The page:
This New Year’s Eve will be especially subdued and reflective for author Patty Sullivan and her husband, Tom. Dec. 31 is the anniversary of the passing of one of their closest friends for over half a century, beloved actress Betty White, who died last year just days before her 100th birthday.
“We're still grieving her loss because she meant so much to us,” said Sullivan, who grew up in Tucson and now lives in California. “We spent every New Year’s Day for the past 20 years with her, so this year we’ll be cherishing the memories.”
Many of those memories Sullivan now shares publicly in her new book, “Betty White’s Pearls of Wisdom: Life Lessons from a Beloved American Treasure,” released Dec. 13 by Forefront Books.
In addition to illustrating White’s positive influence on Sullivan’s family, the author’s touching stories offer insight into one of Hollywood’s most endearing and enduring entertainers. For example, almost every post-2011 photograph of Betty White shows the actress sporting a Tiffany diamond-clustered heart-shaped necklace gifted to her by Jennifer Love Hewitt. Hewitt co-starred with White in the 2011 TV movie “The Lost Valentine” and was also an executive producer.
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“She just loved that movie and was so grateful to Jennifer for the role,” said Sullivan. “As far as I know, Betty never took that necklace off again.”
Moving from Detroit to Tucson with her family when she was 7 years old, young Patty attended Salpointe Catholic High School before enrolling at the University of Arizona.
“I must have had a good home economics teacher at school because that’s what I studied in college and wanted to teach it,” Sullivan said. “But I never graduated. In 1968, my junior year, a sorority sister and I spent the summer at Cape Cod where I first saw Tom Sullivan singing. Once I met Tom, he became my life and we married the following year.”
Before tying the knot, however, Patty and Tom returned to Tucson for a sorority candle-passing ritual.
“When somebody got engaged, a candle would be passed around the circle of girls and whoever was getting married blew it out,” Sullivan explained. “Tom actually came to the sorority house and one evening played the piano and sang beautifully, then asked the girls for permission to marry me. It was a lovely tradition in those days.”
Patty and Tom – blind from birth and who would go on the become a noted actor, singer, and author – met Betty (and third husband Allen Ludden) during that Cape Cod trip. The chance meeting resulted in a lifelong friendship between the two families with White later quaintly christening herself ‘Gram III’ – third grandmother to the Sullivans’ two children.
Never one to dwell on her own misfortunes, after Ludden died in 1981 White immersed herself in acting, charity work and animal issues, having never had any children or remarrying.
“Betty loved animals, but I don't think many people realized just how much she impacted the animal world,” Sullivan said. “Her support for the Los Angeles Zoo, the Monterey Bay Aquarium, the Morris Animal Foundation, and other rescue programs was unwavering. I mean, it was extraordinary the amount of time she spent and money she donated.”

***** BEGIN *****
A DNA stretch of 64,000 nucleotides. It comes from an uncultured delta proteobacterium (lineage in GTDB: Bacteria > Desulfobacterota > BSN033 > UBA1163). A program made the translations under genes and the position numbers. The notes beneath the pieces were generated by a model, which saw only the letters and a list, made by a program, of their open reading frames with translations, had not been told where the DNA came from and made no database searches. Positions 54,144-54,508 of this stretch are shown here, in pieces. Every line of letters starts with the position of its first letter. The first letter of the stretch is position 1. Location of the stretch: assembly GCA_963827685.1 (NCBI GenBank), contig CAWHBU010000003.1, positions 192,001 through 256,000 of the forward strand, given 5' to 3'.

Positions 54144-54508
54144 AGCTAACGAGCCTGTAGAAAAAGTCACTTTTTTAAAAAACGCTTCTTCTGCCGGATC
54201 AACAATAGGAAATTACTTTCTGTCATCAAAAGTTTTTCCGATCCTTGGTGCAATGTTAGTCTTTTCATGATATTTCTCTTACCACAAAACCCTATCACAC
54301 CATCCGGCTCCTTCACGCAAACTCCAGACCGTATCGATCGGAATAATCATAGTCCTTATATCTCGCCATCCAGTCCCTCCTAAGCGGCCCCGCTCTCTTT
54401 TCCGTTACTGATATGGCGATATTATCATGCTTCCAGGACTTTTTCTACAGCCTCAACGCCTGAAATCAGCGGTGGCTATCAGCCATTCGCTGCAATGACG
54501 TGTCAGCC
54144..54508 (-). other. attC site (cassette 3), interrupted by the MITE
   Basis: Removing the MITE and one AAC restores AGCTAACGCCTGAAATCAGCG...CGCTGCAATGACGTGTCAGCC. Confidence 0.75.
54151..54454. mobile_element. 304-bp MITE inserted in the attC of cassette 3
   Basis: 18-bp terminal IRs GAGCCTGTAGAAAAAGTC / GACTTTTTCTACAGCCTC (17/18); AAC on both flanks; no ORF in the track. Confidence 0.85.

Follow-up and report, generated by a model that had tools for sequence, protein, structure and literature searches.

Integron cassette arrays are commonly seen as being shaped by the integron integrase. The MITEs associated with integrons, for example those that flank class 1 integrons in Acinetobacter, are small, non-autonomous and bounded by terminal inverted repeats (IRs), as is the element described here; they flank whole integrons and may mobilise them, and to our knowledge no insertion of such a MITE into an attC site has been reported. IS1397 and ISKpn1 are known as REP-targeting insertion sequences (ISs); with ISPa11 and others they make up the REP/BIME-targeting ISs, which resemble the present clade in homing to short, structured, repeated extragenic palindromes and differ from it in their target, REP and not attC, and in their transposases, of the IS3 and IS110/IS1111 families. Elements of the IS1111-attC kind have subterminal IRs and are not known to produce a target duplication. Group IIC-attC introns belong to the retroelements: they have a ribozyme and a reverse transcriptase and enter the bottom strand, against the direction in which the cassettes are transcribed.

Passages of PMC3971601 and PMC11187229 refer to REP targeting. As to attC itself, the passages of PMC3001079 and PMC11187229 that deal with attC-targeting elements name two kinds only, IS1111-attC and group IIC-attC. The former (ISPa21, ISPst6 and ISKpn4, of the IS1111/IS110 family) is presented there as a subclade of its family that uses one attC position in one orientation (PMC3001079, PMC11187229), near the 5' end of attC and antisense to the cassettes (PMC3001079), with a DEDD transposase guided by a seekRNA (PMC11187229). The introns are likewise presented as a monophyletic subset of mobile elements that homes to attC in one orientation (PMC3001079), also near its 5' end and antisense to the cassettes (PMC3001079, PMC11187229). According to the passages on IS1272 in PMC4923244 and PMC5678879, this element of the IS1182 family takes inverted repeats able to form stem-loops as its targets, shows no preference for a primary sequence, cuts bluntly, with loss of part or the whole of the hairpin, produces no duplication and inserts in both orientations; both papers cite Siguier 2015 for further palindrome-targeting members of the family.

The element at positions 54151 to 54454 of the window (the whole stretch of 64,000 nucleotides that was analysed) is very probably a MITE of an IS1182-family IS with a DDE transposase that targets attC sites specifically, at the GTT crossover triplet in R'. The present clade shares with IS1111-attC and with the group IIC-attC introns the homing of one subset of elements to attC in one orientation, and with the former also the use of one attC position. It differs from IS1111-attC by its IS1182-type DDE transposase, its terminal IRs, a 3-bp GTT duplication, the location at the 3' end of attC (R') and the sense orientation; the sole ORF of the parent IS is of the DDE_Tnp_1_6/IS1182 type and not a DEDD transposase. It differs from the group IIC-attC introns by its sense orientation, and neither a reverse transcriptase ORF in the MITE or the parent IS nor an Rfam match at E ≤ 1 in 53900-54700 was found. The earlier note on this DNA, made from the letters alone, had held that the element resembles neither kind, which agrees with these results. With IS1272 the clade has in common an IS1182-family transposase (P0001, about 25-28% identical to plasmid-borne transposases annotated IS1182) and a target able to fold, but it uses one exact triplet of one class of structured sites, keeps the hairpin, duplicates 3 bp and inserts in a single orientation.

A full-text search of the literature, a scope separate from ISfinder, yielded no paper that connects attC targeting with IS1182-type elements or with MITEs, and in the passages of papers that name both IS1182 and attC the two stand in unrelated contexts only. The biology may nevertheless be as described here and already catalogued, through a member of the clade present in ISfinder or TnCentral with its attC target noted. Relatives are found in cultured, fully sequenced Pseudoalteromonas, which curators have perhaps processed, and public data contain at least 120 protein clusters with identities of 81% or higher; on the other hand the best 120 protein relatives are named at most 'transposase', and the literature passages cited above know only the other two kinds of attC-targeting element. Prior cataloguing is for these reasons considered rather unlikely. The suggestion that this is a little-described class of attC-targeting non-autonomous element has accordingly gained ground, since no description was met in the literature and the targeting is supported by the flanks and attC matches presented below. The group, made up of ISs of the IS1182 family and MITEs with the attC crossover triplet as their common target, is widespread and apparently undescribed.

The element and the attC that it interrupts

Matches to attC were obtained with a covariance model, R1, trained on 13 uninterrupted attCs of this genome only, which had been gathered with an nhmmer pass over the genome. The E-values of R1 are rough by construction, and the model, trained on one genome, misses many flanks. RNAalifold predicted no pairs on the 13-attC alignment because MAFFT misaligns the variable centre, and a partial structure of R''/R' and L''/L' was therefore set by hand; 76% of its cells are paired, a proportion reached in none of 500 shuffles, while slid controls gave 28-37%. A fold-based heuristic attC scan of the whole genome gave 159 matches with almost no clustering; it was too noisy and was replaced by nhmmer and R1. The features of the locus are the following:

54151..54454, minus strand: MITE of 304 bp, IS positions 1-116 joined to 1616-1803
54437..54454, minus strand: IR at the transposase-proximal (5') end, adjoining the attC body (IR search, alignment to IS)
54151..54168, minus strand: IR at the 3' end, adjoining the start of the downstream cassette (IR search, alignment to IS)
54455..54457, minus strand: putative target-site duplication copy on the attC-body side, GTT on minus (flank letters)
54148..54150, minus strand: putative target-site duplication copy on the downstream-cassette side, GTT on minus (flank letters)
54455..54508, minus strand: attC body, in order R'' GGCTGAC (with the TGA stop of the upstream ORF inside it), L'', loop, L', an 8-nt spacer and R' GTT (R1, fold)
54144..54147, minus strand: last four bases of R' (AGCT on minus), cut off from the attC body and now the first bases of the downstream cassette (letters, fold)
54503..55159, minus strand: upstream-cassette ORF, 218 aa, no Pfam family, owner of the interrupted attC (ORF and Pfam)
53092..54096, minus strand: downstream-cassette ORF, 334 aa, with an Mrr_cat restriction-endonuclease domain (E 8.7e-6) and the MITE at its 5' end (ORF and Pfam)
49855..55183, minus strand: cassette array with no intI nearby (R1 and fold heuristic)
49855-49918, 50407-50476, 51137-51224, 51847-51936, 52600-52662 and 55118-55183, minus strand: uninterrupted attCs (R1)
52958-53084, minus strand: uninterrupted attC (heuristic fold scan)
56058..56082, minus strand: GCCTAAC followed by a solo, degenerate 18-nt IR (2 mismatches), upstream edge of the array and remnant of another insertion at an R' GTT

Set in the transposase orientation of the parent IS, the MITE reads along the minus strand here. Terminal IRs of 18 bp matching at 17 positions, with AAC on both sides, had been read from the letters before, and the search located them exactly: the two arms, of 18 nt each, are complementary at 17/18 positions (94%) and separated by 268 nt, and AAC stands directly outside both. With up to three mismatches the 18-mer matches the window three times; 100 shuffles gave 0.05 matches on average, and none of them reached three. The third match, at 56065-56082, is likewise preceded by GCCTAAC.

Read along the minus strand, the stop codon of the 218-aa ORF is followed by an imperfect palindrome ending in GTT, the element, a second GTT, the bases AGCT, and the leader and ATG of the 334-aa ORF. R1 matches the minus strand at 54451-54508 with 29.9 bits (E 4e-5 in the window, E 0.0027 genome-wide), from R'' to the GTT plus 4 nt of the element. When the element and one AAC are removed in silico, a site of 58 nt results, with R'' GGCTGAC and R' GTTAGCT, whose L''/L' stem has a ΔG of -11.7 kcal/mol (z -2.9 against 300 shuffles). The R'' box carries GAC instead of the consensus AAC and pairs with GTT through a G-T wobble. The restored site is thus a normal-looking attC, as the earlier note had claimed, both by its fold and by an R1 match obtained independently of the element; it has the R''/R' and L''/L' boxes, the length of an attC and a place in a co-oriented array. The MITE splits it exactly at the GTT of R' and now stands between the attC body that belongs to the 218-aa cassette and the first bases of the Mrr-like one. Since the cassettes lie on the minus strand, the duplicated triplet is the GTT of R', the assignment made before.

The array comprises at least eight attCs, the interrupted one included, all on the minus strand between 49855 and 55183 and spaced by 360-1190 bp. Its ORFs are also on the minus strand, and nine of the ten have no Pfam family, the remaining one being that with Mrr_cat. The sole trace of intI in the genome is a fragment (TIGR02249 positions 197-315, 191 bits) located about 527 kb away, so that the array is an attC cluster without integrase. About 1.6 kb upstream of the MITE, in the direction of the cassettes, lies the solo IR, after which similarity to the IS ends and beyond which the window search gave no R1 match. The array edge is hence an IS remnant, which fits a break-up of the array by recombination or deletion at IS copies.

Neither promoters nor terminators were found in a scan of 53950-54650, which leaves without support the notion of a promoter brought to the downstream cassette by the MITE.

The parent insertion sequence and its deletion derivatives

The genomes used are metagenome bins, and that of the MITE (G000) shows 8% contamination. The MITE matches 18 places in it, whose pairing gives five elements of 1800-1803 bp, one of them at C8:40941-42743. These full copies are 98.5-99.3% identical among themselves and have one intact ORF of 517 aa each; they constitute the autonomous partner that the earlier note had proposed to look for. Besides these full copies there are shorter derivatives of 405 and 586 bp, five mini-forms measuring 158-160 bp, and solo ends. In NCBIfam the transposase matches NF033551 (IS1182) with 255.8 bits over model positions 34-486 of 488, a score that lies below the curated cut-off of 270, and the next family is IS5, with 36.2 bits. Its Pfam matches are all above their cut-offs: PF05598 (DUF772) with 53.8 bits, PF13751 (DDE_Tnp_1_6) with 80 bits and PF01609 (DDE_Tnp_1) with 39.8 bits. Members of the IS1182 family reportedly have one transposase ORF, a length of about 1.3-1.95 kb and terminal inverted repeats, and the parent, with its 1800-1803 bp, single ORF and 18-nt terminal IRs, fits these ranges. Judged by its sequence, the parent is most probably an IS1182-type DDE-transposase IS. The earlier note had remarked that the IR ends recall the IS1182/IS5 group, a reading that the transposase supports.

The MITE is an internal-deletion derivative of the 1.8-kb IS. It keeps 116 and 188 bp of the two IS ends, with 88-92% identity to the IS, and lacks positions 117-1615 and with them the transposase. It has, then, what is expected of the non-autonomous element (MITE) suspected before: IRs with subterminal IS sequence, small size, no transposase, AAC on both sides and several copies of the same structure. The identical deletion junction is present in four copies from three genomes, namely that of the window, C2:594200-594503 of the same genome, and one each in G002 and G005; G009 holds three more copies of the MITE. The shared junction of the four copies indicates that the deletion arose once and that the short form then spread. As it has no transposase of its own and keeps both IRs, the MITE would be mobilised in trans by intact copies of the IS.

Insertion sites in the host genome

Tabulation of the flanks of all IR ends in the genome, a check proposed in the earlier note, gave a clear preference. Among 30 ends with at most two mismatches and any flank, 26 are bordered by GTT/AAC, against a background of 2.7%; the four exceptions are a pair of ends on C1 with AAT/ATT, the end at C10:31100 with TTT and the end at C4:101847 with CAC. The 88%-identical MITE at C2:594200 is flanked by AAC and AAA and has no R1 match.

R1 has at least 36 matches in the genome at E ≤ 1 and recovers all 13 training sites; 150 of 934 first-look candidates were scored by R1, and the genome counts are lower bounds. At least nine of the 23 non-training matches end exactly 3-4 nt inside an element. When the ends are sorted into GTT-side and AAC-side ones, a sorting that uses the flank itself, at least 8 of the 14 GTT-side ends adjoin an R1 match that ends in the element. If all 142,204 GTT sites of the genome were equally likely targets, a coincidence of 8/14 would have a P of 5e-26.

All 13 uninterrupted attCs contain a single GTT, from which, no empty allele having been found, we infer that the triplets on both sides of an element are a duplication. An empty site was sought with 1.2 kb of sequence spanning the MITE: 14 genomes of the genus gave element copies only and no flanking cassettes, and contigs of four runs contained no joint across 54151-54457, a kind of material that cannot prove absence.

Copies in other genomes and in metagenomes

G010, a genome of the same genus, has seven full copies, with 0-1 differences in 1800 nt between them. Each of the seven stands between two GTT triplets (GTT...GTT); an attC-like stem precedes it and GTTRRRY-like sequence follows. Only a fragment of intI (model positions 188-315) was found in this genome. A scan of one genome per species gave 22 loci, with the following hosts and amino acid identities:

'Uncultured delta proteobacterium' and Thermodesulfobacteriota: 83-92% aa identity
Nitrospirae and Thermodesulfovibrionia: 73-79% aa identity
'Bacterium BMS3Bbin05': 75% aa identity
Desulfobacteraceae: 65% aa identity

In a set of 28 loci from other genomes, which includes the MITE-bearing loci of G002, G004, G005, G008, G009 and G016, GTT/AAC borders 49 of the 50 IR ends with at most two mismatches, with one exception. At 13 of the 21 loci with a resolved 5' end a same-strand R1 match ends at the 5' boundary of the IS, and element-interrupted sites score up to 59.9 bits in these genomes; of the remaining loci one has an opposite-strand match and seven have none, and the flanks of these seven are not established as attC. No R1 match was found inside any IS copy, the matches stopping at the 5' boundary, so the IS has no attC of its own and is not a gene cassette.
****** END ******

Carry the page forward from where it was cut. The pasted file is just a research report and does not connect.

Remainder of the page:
To most people, however, White will always be remembered as the comedic Jekyll and Hyde-ish character Sue Ann Nivens from “The Mary Tyler Moore Show” in the '70s or innocent scatterbrained Rose Nylund a decade later in “The Golden Girls.”
“Betty adored being Rose and I know for sure it was her favorite character,” said Sullivan. “When the boxed DVD set came out, Betty just couldn't wait to give it to us. She was so proud of the series.”
So did White talk to her friend about Golden Girls co-star Bea Arthur’s well-known dislike of her?
“She was aware Bea didn’t like her but couldn't understand it and would ask, ‘Did I do something wrong? Was it something I said to her?' " Sullivan recalled. “That's all she would say. Betty never had a mean word for anyone. Maybe that came from her love of animals that have such innocence and are unconditional with their love for us.”
White was blessed with good health enabling her to work into her 90s, appealing to new generations of audiences. Memorable performances on the big screen included movies such as “The Proposal” in 2009 and a decade earlier in the horror film “Lake Placid” where devoted animal lover White feeds a cow to a giant crocodile.
“She did have a wicked sense of humor and loved playing against type sometimes,” said Sullivan. “I remember vividly an episode of ‘Boston Legal’ where she played a secretary who kills a guy with a frying pan. I think she acted the hell out of those roles.”
As she became frailer in the years following her much-publicized 90th birthday, White would often be hailed by the media as a national treasure, a title Sullivan long ago embraced when she began documenting her friend’s personal influence in the private journal that would eventually become a book. She has no doubts White would approve of the finished work.
“Tom and I once asked her what she would like us to do at the end of her life,” Sullivan said. “She said, ‘You kids do what you want – I'm going to be gone.’ I wanted people to know what a special person she was beyond all the humor and glamour of Hollywood. It’s my tribute to Betty White, honoring her and helping to keep her legacy alive.”
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Nick Thomas teaches at Auburn University at Montgomery in Alabama and has written features, columns and interviews for numerous magazines and newspapers. See www.getnickt.org.